The proposed project is aimed at investigating the possible impact on the lacustrine environment (e.g. the biological and hydrophysical characteristics) of methane seeps related to destabilizing gas hydrates in Lake Baikal. Results of this study will further our fundamental scientific understanding of the processes of methane venting in association with gas hydrates, and will be useful in the assessment of the possible environmental consequences for the pristine state of Lake Baikal of this natural process of methane release at its lake floor.
Major questions that are planned to be addressed are:
- What is the extent of the phenomenon (in space)?
- Is there only one seep area, or are there more?
- Do the seep areas have one or several individual seeps?
- Are all methane seeps associated with destabilizing gas hydrates?
- How continuous is the phenomenon (in time)?
- On geological time-scales: Is it just a single short-lasting seeping event, or is it a longer-lasting, sustained process?
- On time-scales of months/years: Do the seeps represent a continuous process of gas release or is it intermittent, with pulses of activity and periods of quiescence?
- What are the effects of the methane seeps on the physical and chemical characteristics of the water column, on the heat flux from the lake floor to the lake water, and on the lake sediments?
- What is the methane content in the water column in the seep areas?
- Is there an increased methane flux at the lake surface in the seep areas and how does the methane concentration in the air vary spatially?
- What are the temperature effects of the seepage on the bottom water properties?
- What is the fate of the seep fluids and how do they interact with the bottom sediments and the lake water?
For accomplishing the objectives, it is attempted to use a multi-disciplinary approach, involving both classic, traditional methods as well as innovative technologies:
- Acoustic remote sensing techniques (echosounding, high-resolution seismic profiling, side-scan sonar profiling) will be used to define the regional context and nature of the seeps - both in the water column and in the subsurface - by providing information about geological setting, relationship with destabilizing hydrates, dimensions and geometry of the seeps, plume height and shape;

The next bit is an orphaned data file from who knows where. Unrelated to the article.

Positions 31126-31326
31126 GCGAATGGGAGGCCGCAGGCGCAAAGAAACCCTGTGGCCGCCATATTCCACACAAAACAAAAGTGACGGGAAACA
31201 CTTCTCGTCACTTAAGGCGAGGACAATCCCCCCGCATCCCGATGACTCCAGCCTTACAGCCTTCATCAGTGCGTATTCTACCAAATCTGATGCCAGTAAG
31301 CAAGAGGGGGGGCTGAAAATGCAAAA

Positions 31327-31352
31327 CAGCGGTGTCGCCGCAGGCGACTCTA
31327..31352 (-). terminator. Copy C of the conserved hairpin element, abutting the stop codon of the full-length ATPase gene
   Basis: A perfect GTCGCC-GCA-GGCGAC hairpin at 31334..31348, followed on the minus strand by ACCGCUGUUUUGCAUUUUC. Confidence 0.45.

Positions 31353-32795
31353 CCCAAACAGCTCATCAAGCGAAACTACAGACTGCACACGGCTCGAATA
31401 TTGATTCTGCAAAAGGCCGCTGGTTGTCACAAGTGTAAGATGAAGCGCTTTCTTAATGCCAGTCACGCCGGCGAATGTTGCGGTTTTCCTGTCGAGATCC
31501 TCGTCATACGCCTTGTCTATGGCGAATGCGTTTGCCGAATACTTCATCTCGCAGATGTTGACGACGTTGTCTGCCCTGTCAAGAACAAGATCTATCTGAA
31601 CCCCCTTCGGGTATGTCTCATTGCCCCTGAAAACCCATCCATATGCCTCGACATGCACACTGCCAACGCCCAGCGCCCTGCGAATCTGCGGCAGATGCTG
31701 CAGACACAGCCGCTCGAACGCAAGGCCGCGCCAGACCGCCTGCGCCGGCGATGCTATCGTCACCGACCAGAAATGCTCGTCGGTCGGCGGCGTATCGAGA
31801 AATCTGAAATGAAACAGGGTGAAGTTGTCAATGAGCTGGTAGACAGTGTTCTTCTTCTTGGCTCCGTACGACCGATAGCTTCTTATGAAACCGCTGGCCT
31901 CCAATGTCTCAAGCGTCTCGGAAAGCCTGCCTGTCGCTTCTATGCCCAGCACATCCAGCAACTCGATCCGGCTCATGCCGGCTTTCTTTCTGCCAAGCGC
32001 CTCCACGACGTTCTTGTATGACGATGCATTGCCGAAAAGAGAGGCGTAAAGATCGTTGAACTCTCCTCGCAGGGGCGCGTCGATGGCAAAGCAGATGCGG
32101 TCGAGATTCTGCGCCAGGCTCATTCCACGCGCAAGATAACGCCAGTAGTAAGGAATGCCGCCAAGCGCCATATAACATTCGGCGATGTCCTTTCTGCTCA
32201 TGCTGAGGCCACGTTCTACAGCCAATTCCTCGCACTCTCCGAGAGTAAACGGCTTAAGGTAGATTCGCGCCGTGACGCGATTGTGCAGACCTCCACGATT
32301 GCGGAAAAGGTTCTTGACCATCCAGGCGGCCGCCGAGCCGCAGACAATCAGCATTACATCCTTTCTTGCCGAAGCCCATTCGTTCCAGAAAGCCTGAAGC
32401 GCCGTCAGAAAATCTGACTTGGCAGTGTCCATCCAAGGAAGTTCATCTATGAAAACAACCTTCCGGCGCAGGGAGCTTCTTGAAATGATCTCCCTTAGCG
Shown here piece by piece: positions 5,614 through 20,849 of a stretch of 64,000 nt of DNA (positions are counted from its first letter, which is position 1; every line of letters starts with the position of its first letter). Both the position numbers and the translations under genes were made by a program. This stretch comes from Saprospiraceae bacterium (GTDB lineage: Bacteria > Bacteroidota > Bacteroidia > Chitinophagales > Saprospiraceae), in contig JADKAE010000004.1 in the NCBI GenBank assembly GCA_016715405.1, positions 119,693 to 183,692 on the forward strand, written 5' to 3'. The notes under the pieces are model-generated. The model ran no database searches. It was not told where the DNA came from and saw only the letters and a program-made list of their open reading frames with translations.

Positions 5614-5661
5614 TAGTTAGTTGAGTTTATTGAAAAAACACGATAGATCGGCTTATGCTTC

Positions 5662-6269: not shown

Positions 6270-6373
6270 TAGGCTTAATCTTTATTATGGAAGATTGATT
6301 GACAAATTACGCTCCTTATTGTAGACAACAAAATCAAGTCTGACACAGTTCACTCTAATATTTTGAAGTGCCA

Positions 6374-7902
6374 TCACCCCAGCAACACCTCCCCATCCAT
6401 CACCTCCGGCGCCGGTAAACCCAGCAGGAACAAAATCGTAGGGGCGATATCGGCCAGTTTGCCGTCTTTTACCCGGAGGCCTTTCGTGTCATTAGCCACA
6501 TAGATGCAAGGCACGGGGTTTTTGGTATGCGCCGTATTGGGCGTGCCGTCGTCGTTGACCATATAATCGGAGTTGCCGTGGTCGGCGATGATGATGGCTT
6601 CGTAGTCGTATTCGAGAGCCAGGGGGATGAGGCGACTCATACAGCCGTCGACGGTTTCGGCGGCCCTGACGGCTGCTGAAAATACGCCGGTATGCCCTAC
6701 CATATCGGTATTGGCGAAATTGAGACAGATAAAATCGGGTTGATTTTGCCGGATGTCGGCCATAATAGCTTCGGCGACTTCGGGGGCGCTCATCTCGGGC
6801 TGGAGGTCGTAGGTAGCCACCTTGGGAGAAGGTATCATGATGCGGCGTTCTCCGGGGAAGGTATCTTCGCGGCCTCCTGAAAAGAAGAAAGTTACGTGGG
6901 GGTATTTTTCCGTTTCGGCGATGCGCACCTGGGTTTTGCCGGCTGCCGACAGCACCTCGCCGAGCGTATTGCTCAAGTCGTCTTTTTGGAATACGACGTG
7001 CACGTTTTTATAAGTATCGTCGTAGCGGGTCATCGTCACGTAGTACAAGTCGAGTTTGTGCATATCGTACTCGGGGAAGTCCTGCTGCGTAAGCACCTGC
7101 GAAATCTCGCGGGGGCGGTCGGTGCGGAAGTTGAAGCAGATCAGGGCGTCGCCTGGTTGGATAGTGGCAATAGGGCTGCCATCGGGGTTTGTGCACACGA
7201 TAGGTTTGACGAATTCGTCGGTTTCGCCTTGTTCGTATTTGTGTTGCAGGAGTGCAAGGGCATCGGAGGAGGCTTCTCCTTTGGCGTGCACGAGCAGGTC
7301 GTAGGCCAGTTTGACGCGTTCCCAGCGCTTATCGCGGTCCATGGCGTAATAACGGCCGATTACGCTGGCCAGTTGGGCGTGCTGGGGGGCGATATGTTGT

- Passive hydro-acoustic techniques will be applied to characterize the plume's acoustic signature and to develop a novel method of detection of seeps by hydro-acoustic directional antenna's, and advanced mathematical modelling techniques will be used to translate this signature into quantitative data about bubble shape, volume, rising speed;
- Different monitoring approaches over different time scales (days, weeks and months) will be used in order to get a better understanding of the temporal variability of the seeping process: chrono-sequential echosounding profiles for monitoring plume activity through time, chrono-sequential measurements of heat-flow and bottom-water-temperature with a specially designed autonomous thermograph for monitoring mass and heat exchange in the seep, chrono-sequential hydrophysical measurements of water temperature, salinity, density, oxygen and methane concentration for monitoring plume behavior and the impact on the water column;
- Methane concentrations will be measured by different methods (by gas chromatography, by atmosphere laser methane measurements, by water methane sensor measurements) and at different levels (lake floor, water column, plume, water surface, atmosphere) in order to get a thorough understanding of the fate of the released methane and to quantify the methane fluxes through different interfaces.